Opposition leader Shaul Mofaz seized on the attack, which was considered by most commentators to be calculated rather than spontaneous, telling Army Radio: “To me, Diskin’s words are a warning sign to be taken seriously.”
Neither Netanyahu nor Barak responded personally, but aides dismissed the salvo as the act of a man frustrated not to have been offered the job of director of Israel’s external intelligence agency, the Mossad.
“It’s surprising and strange,” a government official told the Guardian. “Why did he seek to become head of the Mossad under the present government if he thought so little of it?”
However, some commentators praised Diskin for speaking out. Writing in Yedioth Ahronoth, the columnist Nahum Barnea said: “Yuval Diskin is a thug. He is brusque, lashes out and is lacking in any political correctness … His style is inappropriate, his words are unacceptable. Only one thing can be said to his credit: he is telling the truth. A troubling truth, an annoying truth, but the truth nevertheless. Diskin is the man who took upon himself the role of the boy who cries out: ‘The emperor has no clothes’.”
Diskin’s comments echoed criticism by Meir Dagan, former head of the Mossad, who has said attacking Iran was “the stupidest idea I have ever heard”. Last week, Israel’s chief of staff, Benny Gantz, said the Iranian regime was rational and Israel must make its decision about whether to attack “without hysteria”.
The comments have fuelled the belief among some observers that there is a clear gap over the issue of Iran between Israel’s political leaders and its security establishment.
The former Shin Bet chief did not confine his comments to Iran. On peace negotiations with the Palestinians, he said: “Forget all about the stories they’re selling you in the media about how we want to talk but [Palestinian president Mahmoud Abbas] doesn’t, and so forth. I’m telling you, we’re not talking with the Palestinians because this government has no interest in talking with the Palestinians … I know from up close what is going on in that area.”
Netanyahu, he said, feared that even “the smallest step forward on this issue” would cause his coalition to collapse.
He warned against growing Israeli extremism, saying there were people “willing to use guns against their fellow Jews” in the event of the evacuation of settlements in the West Bank.
The country was becoming more aggressive and racist, he said. “The youth in Israel has become over the past 10 to 15 years more and more racist. Racism against Arabs and against foreigners, against those who are different.”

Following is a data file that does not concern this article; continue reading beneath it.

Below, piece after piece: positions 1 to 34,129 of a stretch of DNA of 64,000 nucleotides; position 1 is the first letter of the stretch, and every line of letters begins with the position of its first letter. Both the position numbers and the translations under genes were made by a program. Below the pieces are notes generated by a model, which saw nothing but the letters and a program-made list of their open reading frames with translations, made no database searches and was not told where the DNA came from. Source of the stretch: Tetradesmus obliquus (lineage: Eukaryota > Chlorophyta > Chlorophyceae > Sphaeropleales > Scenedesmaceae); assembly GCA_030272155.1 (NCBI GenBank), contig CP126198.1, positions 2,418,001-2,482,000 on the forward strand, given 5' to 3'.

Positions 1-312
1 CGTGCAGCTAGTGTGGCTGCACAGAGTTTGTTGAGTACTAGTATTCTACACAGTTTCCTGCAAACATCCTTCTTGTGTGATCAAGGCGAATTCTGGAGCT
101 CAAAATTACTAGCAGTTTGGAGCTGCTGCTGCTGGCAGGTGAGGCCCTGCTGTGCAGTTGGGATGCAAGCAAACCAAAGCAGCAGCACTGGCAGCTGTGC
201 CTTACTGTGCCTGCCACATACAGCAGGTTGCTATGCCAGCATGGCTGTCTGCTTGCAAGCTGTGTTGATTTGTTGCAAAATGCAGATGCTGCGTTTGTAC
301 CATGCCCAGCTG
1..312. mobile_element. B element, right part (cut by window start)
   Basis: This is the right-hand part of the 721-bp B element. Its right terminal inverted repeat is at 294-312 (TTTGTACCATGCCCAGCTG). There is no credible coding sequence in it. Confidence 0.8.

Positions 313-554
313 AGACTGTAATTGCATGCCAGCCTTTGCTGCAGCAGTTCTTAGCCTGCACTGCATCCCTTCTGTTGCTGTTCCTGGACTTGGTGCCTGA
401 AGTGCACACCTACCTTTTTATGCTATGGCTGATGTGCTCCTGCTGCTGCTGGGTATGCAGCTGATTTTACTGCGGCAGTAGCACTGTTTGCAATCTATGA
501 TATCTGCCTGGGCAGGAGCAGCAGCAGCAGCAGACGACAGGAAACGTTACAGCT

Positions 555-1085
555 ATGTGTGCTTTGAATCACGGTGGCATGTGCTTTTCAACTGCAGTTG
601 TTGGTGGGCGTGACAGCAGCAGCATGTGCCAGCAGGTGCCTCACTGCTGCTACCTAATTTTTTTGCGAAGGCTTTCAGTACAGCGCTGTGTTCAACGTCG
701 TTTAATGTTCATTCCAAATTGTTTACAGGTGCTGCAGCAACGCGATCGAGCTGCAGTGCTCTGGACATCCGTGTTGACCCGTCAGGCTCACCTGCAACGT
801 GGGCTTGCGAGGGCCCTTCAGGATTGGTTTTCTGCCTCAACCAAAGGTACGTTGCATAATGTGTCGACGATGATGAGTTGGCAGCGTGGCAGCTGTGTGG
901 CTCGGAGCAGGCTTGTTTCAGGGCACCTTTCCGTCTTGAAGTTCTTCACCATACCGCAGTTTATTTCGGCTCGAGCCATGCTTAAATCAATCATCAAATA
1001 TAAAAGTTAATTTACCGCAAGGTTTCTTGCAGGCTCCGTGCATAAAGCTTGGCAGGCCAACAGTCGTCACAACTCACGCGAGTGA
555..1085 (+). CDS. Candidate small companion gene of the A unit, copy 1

Binyamin Netanyahu and western hawks who seek an early strike are ignoring Israel’s security experts and people
Time for a quiz question. Last week, who said Binyamin Netanyahu and Ehud Barak – Israel’s prime minister and defence minister – “are misleading the public on the Iran issue” and making decisions “based on messianic feelings”? Was it (a) Iran’s president, Mahmoud Ahmadinejad; (b) the Stop the War Coalition president, Tony Benn; or (c) the former Israeli spymaster Yuval Diskin?
It was (c). At a public meeting on Friday Diskin, former head of Shin Bet (Israel’s MI5), described Netanyahu and Barak as “not fit to hold the steering wheel of power”. He went on: “I have observed them from up close … They are not people who I, on a personal level, trust to lead Israel to an event on that scale and carry it off … They tell the public that if Israel acts, Iran won’t have a nuclear bomb. This is misleading. Actually, many experts say that an Israeli attack would accelerate the Iranian nuclear race.”
Diskin joins a long list of eminent members of the Israeli security establishment who have publicly voiced criticism of, and opposition to, their government’s ultra-hawkish line on Iran. In fact, his astonishing attack on his former bosses came just 48 hours after the head of Israel’s military, Lieutenant General Benny Gantz, declared that the Iranian leadership had not yet made a decision to build nuclear weapons, that it was unlikely to go this “extra mile”, and was composed of “very rational people”. “Decisions must be made carefully out of historic responsibility but without hysteria,” added Gantz in a not-too-subtle dig at his political masters.
Last month, in an unprecedented move, Meir Dagan, the former head of the Mossad – Israel’s foreign intelligence service – took to the airwaves in the US, using an interview with CBS to tell his American audience how a war with Iran would be “devastating” for Israelis because it would “ignite, at least from my point of view, a regional war”. (He had earlier described an Israeli attack on Iran as “the stupidest idea I’ve ever heard”.)
Meanwhile, Dagan’s predecessor, Efraim Halevy, has said “it is not in the power of Iran to destroy the state of Israel”, and that “the growing Haredi radicalisation poses a bigger risk than Ahmadinejad”. Then there is the current head of the Mossad, Tamir Pardo, who is said to have told an audience of Israeli diplomats in December that a nuclear-armed Iran would not constitute an “existential threat” to Israel.
But this isn’t just about spymasters or generals. There is no consensus favouring military action against Iran within Israel’s political establishment either. Recent media reports have suggested Netanyahu and Barak are isolated within their own cabinet; Daniel Ben-Simon, a Labour party member of the Israeli parliament, has called them “a two-man show” – or, as a recent headline in the New York Times put it, “Two Israeli leaders make the Iran issue their own”.
Shaul Mofaz, the opposition leader – of the Kadima party and a former head of the Israeli army – has objected to Netanyahu’s obsession with attacking Iran. “The greatest threat to the state of Israel is not nuclear Iran,” Mofaz said in an interview earlier this month, citing the unresolved conflict with the Palestinians as a much more pressing issue. The Israeli president, Shimon Peres, told CNN in November that he preferred a “moral” attack on Iran, not a military one.